It also doesn't remove the problem of imperfect speakers. Even if you separate out the instruments on their own speakers, each speaker still needs to reproduce the entire spectrum. And also, a speaker is physically a much smaller sound source than a large wooden resonator like a cello, which makes an acoustical difference.

In short, it's very cool but not a revolution. But also don't quote me on that.

Sci-Fi

Sci-Fi Writers of the Past Predict Life In 2012 179

Posted by samzenpus
from the in-the-future dept.
cylonlover writes "As part of the L, Ron Hubbard Writers of the Future award in 1987, a group of science fiction luminaries put together a text 'time capsule' of their predictions about life in the far off year of 2012. Including such names as Orson Scott Card, Robert Silverberg, Jack Williamson, Algis Budrys and Frederik Pohl, it gives us an interesting glimpse into how those living in the age before smartphones, tablets, Wi-Fi and on-demand streaming episodes of Community thought the future might turn out."

Comment: Re:Fakebook (Score 1) 171

by fbjon (#40891135) Attached to: Former Facebook Employee Questions the Social Media Life
I don't think it's anything special. Make a list of people who have friends in common with you, and sort it by the number of such connections. Keep adding new ones at the top, pushing the older ones that you've ignored so far further down. Seems about the right level of accuracy from what I've seen.

Comment: Re:Uncanny valley (Score 1) 273

by fbjon (#40667805) Attached to: Hollywood Acts Warily At Comic-Con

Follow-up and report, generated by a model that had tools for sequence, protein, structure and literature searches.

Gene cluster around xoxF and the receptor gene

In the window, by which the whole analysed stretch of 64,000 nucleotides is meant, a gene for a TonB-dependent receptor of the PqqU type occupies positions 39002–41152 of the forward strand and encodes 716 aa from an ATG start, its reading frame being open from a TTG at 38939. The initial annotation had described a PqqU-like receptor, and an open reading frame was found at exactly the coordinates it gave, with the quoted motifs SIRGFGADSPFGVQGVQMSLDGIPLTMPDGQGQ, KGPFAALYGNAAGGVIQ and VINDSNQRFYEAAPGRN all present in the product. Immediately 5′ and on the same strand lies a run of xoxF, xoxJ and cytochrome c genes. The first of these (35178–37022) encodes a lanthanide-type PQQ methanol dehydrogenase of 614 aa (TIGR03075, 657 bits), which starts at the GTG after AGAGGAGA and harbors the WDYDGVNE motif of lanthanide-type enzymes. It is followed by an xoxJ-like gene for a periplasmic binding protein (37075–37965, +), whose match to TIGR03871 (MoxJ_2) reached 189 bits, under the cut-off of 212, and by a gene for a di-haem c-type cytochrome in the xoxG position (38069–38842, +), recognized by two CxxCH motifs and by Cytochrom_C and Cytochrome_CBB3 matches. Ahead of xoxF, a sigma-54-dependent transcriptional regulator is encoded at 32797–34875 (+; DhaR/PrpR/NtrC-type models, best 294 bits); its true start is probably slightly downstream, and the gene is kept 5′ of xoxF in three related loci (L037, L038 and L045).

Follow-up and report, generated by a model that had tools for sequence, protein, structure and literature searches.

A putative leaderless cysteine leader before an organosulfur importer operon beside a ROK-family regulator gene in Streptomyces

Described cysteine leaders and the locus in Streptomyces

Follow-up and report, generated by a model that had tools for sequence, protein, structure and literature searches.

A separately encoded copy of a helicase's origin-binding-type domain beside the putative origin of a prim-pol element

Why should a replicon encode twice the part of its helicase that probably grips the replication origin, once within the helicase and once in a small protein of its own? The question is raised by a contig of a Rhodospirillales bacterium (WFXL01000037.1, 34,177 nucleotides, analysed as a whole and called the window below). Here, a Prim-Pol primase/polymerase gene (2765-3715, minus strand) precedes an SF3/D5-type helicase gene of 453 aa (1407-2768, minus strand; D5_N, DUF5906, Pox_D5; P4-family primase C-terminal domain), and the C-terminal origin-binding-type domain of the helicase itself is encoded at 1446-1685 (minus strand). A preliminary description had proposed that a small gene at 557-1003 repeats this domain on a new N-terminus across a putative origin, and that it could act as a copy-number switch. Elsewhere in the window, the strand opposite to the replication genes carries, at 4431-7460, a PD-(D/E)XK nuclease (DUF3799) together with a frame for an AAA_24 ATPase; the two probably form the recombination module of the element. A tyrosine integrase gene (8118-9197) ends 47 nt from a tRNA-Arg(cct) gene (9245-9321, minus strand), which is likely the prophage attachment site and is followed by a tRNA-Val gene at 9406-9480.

I see your point, I too sometimes get swept up in films to the point that merely closing the player window can be a jarring experience!

Now perhaps the polished nature of film is more accessible, but I feel the the reality of theatre is just as good, even though I can clearly see the costuming and all that. It's not that they are "just" actors trying to make me believe, they are people, humans, inviting me to take part in the play. That's part of what makes it so good, the line between stage and audience starts to blur, in the way that a good standup comedian and a good audience can work together.

I think it's just a matter of what you're used to, or maybe a particular "skill" in suspending disbelief, looking past the medium and allowing the action to take place. But I don't want to sound like I'm saying that theatre-goers are better, or that one is a better form than the other, so maybe an analogy to sports works here: watching a game on TV is different from watching it in person. You can see more on TV, being there in person can be more intense. Or another one: having someone tell you a ghost story can be just as creepy as seeing it on film, or moreso, or less so. It depends on the way it's done rather than the medium

However, as for film looking more like a stage play, I don't think I would like it. I would love to see a good play of the whole Ring saga, but do I expect to watch a movie if I'm going to the cinema.

10.0 times 0.1 is hardly ever 1.0.